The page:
Hiroko Masuike/The New York Times
When Jeffrey B. Kindler joined a startup company in 2013 that was developing treatments for chronic pain, he saw a huge potential market, given the legions of baby boomers struggling with arthritis in their joints.
One of them is his wife.
Sharon Sullivan, now 61, has suffered for years from osteoarthritis of the knee. She has tried treatments ranging from over-the-counter pain relievers to cortisone shots. None provided lasting relief, said Kindler, the former chief executive of Pfizer Inc.
But he’s optimistic that the Boston start-up company he runs, Centrexion Therapeutics Corp., is closing in on a more effective way to treat such debilitating pain. Centrexion announced Tuesday that it has raised another $67 million in venture capital to fund two late-stage clinical trials of an experimental medicine that uses a synthetic form of trans-capsaicin – the active ingredient in the chili plant — to provide long-lasting relief without steroids or opioids.
In early trials, the experimental medicine demonstrated that it rapidly reduced pain after being injected into a joint. The medicine binds to receptors at the end of nerve fibers to stop pain signals from being sent to the brain, providing six months of relief without any more side effects than a placebo. If those findings hold up in the late-stage trials scheduled to start early this year, Kindler said, patients eventually could get twice-a-year injections from their doctors to keep pain at bay.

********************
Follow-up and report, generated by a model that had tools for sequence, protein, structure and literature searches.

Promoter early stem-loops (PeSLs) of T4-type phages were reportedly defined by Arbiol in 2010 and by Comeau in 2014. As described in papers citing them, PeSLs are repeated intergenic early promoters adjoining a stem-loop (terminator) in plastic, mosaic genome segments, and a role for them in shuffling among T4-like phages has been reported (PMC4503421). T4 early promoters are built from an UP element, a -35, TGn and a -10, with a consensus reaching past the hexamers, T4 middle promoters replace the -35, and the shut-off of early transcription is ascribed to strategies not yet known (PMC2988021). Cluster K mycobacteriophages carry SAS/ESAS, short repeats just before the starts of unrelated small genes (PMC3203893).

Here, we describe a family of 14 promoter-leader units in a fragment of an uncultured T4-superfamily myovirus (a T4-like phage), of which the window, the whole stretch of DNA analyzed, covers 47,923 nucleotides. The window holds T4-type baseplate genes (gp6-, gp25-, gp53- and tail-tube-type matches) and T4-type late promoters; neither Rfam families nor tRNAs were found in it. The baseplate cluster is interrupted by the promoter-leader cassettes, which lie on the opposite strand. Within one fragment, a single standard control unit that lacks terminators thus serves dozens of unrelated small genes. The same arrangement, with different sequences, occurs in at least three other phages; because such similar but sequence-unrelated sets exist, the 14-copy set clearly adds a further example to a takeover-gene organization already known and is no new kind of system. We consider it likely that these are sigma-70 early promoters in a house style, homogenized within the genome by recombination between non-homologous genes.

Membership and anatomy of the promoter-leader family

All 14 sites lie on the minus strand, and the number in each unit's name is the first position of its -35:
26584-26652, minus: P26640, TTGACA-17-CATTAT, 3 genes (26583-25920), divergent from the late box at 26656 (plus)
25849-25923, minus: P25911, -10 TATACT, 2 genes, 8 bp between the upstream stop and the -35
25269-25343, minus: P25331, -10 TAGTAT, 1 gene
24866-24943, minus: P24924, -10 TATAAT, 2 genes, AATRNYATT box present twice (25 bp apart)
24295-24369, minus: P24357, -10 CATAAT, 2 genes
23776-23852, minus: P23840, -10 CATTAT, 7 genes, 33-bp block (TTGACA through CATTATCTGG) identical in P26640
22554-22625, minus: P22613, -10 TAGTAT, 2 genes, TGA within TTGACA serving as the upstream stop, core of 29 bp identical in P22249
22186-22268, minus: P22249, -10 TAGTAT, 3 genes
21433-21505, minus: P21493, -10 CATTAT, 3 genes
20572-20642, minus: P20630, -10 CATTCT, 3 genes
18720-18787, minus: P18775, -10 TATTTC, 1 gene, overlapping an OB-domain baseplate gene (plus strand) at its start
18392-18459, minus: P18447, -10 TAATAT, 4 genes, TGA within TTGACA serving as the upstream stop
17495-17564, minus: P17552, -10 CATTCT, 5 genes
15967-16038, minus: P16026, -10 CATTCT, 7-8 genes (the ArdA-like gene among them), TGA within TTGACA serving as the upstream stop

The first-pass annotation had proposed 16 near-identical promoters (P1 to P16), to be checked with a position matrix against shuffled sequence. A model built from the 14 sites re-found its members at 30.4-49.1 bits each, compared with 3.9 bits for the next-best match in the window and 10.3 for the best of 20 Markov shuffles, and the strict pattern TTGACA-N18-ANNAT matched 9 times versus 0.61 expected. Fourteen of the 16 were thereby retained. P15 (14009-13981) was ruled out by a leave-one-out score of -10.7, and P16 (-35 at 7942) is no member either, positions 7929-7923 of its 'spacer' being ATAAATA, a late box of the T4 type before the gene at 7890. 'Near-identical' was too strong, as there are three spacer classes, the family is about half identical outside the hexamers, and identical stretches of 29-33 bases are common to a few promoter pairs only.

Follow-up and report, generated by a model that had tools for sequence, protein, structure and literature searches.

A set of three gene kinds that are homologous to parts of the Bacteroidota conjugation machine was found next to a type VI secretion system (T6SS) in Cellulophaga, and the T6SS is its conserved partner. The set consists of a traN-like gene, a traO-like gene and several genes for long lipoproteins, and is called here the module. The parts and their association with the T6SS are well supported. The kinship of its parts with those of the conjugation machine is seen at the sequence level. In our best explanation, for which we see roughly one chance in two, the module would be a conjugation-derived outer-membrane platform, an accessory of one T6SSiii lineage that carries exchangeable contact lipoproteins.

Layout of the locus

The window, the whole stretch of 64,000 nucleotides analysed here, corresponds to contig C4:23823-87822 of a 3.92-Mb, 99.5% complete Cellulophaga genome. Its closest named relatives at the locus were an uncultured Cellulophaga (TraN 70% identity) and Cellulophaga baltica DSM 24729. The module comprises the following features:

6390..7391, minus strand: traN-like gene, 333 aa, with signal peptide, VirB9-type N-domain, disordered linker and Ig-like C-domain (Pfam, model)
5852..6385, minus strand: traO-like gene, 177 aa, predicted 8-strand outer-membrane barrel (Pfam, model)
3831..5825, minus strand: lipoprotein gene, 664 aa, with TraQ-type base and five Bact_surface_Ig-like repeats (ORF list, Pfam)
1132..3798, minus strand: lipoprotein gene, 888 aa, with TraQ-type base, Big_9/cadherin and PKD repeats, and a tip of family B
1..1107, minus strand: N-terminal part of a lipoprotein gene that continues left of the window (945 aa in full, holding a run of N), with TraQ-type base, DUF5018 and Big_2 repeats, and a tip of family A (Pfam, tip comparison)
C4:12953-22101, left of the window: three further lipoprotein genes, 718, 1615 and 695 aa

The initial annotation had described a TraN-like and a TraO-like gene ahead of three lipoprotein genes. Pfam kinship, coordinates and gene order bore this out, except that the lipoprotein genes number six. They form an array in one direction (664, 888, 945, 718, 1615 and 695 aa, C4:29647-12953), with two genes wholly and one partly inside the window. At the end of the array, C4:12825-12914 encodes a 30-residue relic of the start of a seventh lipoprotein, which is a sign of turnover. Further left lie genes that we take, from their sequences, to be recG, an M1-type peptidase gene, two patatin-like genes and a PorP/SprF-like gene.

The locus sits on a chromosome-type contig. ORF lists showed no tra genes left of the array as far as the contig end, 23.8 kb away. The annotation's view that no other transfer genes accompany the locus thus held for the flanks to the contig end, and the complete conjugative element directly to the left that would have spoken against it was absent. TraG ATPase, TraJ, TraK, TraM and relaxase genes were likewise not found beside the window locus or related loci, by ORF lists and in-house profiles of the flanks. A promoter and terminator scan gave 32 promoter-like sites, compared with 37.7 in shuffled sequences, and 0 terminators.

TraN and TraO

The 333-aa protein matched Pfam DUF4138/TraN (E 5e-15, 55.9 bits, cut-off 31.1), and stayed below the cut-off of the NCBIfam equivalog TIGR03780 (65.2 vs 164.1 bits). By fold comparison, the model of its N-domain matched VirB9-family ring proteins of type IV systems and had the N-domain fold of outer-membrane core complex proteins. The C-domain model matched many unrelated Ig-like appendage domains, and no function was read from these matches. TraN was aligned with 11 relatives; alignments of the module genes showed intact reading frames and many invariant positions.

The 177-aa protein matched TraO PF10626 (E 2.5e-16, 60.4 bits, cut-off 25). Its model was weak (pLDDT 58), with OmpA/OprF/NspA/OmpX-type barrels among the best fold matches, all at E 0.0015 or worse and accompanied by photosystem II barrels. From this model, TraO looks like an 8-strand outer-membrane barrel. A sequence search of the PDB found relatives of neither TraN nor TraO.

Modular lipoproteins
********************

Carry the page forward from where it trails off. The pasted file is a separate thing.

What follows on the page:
“This could really be a game-changer in the way pain patients are treated for moderate to severe osteoarthritis,” he said. All told, Kindler’s company has raised $147 million in four rounds of fund-raising since it was founded four years ago.
Centrexion is hardly alone in the pursuit of better pain relief medicines. In October, the Food and Drug Administration approved Zilretta, an inflammation-suppressing non-opioid steroid, made by Burlington-based Flexion Therapeutics Inc. It, too, is injected but uses a novel delivery system: small particles called miscrospheres that gradually release the medicine in joints over an extended period. Flexion’s chief executive, Michael Clayman, said it has the potential be a blockbuster, meaning a treatment that generates more than $1 billion in annual sales.
Demographics account for much of the interest in pain relief. Nearly 67 million Americans are expected to suffer from arthritis by 2030, according to a decade-old article in the medical journal Arthritis & Rheumatology. Pain, said Kindler, is the leading source of disability claims. And, of course, it has contributed to the deadly opioid crisis — many patients who were prescribed painkillers like OxyContin and Percocet by their physicians became addicted, and later turned to heroin.
Knee osteoarthritis, in particular, has become twice as common since 1950, according to a recent study in the journal Proceedings of the National Academy of Sciences, and now affects about one in five American adults age 45 or older.
Although some medical specialists have attributed the increase in knee osteoarthritis to the fact that people are living older and obesity is more common, the study said that those factors alone don’t account for the surge. Among the other factors the authors recommended be studied are whether a decline in physical activity has led to thinner cartilage in joints and whether modern diets rich in refined carbohydrates have worsened chronic mild inflammation.
The most recent fund-raising round by Centrexion was led by New Enterprise Associates, a venture capital firm based in Menlo Park, Calif. Centrexion was founded in Baltimore in 2013 and moved to Boston in late 2016.
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